Monday, 18 May 2009

Waldorf schools

Last evening, one of the new Waldorf schools had a "workshop" to educate parents about the benefits of the Waldorf system. True it is better, but the teacher who spoke made a couple of errors which made me think. The basic idea in these schools is that the teacher introduces concepts of say math or science or history or whatever during the course of a sort of a talk on anything...she in particular said she brings in the Pythogoras theorem when discussing Egypt, and discussed the advent of the Mughals with regard to the building of the great wall of China. All very well, but she also mentioned how she discusses the composition of air...oxygen, nitrogen and why hydrogen? is that just aslip or does she not know that the % of hydrogen is rather small? she also said that the % of oxygen must be maintained (good so far) because excess oxygen makes our skin age faster. Now of course, yes, oxidative processes do age us, but is that relevent? Such things give the children totally wrong would mean the world is designed for our benefit....haven't we done enough damage to the world without inculcating such attitudes in kids?---- and even if you wish to be anthropocentric, excess oxygen would burn everything up....forest fires we have seen so far would be kids' bonfires in comparison--but aging skin??
This makes me wonder if leaving things to teachers is such a good thing...many school teachers are learned, well read, but many are not.
This method puts too much on teachers and many may not be able to rise up to it.

Sunday, 17 May 2009

election results.

Thankfully Narendra Modi did not prevail. If the BJP had won, Modi's form of "good governance" would have been taken up pan-India and we may have had happier industrialists, but also a mini holocaust. It so surprised me that Ratan Tata gave a thumbs up for Modi after the Nano went to Gujarat, but glad the people did not think so.

Wednesday, 13 May 2009

Back to 44C summer from 24C holidayland.

"In boom years, I've seen some folks succeed a bit too easily, and draw some falsely flattering conclusions about themselves". This I have seen across all kinds of college students. I see it not only in my college, but I also came across such attitudes in the engineering college I visited often during my vacation.

You go to a debate competiton, 19/20 year olds talk utter nonsense in a fake accent and believe they are really good, and what's more, get prizes! They are feted by the faculty and other students, made to feel they are great. They debate with no logic, no coherence , no building up of fact, in my college, once on a debate on whether cable televison is a good thing or not, one of the speakers turned to his friend in the opposite camp and said "As if you dont watch MTV! " He thought that was a clincher!! Applause, applause! That's the quality of debate. Where are the budding intellectuals?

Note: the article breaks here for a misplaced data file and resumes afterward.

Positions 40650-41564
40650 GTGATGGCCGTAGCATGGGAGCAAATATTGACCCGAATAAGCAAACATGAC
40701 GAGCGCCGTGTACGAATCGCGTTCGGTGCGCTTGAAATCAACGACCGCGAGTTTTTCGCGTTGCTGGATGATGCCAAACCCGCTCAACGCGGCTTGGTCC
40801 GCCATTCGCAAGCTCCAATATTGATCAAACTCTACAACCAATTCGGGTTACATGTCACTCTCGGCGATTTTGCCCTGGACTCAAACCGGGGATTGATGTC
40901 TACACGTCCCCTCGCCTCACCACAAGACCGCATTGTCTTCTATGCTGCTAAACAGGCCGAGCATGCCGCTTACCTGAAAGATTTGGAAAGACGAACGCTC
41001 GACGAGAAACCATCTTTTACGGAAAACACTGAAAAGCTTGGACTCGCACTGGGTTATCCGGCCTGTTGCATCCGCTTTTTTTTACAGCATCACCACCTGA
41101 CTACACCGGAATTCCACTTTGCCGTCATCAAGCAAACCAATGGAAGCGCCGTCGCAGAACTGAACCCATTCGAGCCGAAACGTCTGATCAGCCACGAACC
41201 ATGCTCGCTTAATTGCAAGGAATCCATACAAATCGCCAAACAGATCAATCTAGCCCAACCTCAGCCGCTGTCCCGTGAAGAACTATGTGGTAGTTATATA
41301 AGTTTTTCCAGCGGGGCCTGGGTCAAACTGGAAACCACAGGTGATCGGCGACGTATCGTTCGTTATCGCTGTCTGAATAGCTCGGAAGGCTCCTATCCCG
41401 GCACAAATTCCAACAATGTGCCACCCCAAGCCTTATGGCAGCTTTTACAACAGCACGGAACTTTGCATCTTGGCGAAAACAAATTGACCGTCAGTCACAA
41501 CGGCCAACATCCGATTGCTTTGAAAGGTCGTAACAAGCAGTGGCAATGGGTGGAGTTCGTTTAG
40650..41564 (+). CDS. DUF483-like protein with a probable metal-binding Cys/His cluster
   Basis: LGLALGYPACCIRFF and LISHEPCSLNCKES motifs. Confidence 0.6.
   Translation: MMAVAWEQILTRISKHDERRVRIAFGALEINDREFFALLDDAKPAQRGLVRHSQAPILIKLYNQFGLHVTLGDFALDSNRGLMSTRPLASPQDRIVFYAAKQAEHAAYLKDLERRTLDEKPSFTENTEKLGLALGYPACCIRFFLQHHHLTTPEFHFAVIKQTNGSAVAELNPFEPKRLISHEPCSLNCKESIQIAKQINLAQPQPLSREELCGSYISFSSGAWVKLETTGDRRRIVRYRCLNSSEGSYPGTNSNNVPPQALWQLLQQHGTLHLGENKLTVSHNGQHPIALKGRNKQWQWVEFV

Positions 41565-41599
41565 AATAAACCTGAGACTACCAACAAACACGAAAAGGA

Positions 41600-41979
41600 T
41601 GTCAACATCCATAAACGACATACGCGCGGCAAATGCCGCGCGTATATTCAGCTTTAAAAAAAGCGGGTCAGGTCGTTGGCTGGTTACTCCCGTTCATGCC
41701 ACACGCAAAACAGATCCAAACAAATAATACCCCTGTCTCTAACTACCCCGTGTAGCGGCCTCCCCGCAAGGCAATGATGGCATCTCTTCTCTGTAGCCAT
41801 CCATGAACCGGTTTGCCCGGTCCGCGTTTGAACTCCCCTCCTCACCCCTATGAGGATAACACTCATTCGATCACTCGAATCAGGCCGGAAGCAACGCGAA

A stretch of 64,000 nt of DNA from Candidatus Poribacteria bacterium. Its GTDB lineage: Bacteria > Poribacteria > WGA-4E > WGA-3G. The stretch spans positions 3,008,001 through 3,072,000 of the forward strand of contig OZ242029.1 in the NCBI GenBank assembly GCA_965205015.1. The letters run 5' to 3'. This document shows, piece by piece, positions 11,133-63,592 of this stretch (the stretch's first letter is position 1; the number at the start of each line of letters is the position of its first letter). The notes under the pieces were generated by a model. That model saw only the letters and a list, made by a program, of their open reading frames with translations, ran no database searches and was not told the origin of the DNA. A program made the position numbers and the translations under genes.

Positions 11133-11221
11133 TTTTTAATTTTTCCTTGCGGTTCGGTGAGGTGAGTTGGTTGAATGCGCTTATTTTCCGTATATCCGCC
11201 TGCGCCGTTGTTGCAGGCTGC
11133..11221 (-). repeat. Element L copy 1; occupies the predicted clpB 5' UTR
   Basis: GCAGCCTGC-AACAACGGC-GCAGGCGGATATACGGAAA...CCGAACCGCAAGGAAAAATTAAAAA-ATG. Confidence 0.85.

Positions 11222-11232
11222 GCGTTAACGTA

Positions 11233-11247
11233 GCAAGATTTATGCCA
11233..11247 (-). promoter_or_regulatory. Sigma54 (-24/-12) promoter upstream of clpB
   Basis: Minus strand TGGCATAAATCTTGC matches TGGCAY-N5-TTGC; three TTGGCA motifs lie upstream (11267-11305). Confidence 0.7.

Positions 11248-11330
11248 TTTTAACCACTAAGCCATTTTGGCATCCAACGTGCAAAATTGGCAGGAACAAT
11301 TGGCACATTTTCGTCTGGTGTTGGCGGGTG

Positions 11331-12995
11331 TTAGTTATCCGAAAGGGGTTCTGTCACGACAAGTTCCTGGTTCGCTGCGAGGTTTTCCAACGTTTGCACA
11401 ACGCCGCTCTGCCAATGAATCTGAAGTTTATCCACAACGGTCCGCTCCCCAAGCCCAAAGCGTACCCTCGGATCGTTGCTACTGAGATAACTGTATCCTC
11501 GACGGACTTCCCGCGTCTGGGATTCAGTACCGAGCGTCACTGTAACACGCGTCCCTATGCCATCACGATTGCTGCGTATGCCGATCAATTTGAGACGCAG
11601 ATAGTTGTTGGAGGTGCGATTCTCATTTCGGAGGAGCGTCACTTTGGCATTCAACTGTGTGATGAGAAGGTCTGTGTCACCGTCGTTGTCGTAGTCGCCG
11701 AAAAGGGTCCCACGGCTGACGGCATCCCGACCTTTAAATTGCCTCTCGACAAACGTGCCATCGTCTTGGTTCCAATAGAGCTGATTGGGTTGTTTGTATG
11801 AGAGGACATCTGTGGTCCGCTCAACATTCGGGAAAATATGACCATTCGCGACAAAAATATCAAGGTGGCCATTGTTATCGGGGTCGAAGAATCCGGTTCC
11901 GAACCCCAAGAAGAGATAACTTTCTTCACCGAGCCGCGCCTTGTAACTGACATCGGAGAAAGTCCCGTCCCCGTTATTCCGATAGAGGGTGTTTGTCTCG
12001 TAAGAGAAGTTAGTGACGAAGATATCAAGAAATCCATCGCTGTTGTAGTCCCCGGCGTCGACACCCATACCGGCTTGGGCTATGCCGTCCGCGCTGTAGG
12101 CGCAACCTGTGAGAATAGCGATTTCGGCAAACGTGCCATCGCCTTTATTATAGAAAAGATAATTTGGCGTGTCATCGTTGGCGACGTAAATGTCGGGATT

But then, when I watch programs on TV where issues are debated, the bigwigs dont argue all that much better either. (LokSabha TV has some good talks/debates sometimes though. They dont need TRPs I suppose).

Sunday, 3 May 2009

private colleges

Tough I malign the "paan dukaan" colleges, I must admit they cater to a section of students who perhaps need them. These colleges run with minimal infrastructure and are therefore able to charge low fees. They are on main bus routes and are therefore easy to commute to. They are in crowded residential localities and therefore many girls from conventional homes are able to attend.
The teaching staff are pressurised to get good results in the theory exam so they make the students memorise pages of notes. Many of the students are industrious and so they get spectacular marks (90%).
You may ask then what is your problem with these colleges?
There is no education...they only learn the textbooks.... that's the problem.
However, sometimes, I come across really good students in these colleges. I went as an examiner to one of these colleges. In the viva, I asked a girl a few questions, she answered well, so I went on to ask more intricate questions. She could not answer, but I was quite pleased, so told her "good, but go and find out what the answer is". The next year, I again went as an examiner to the same college. I was stunned when the girl came for her viva voce, and reminded me of my question the previous year and she gave me the answer!!! I was so impressed!
Sad part is, she is from an orthodox family, and her teachers told me she was getting married as soon as her exams got over.
Such is life.

April 17th op-ed in the Hindu has two articles. One  about the HERC and another about research in medical colleges. First the article abo...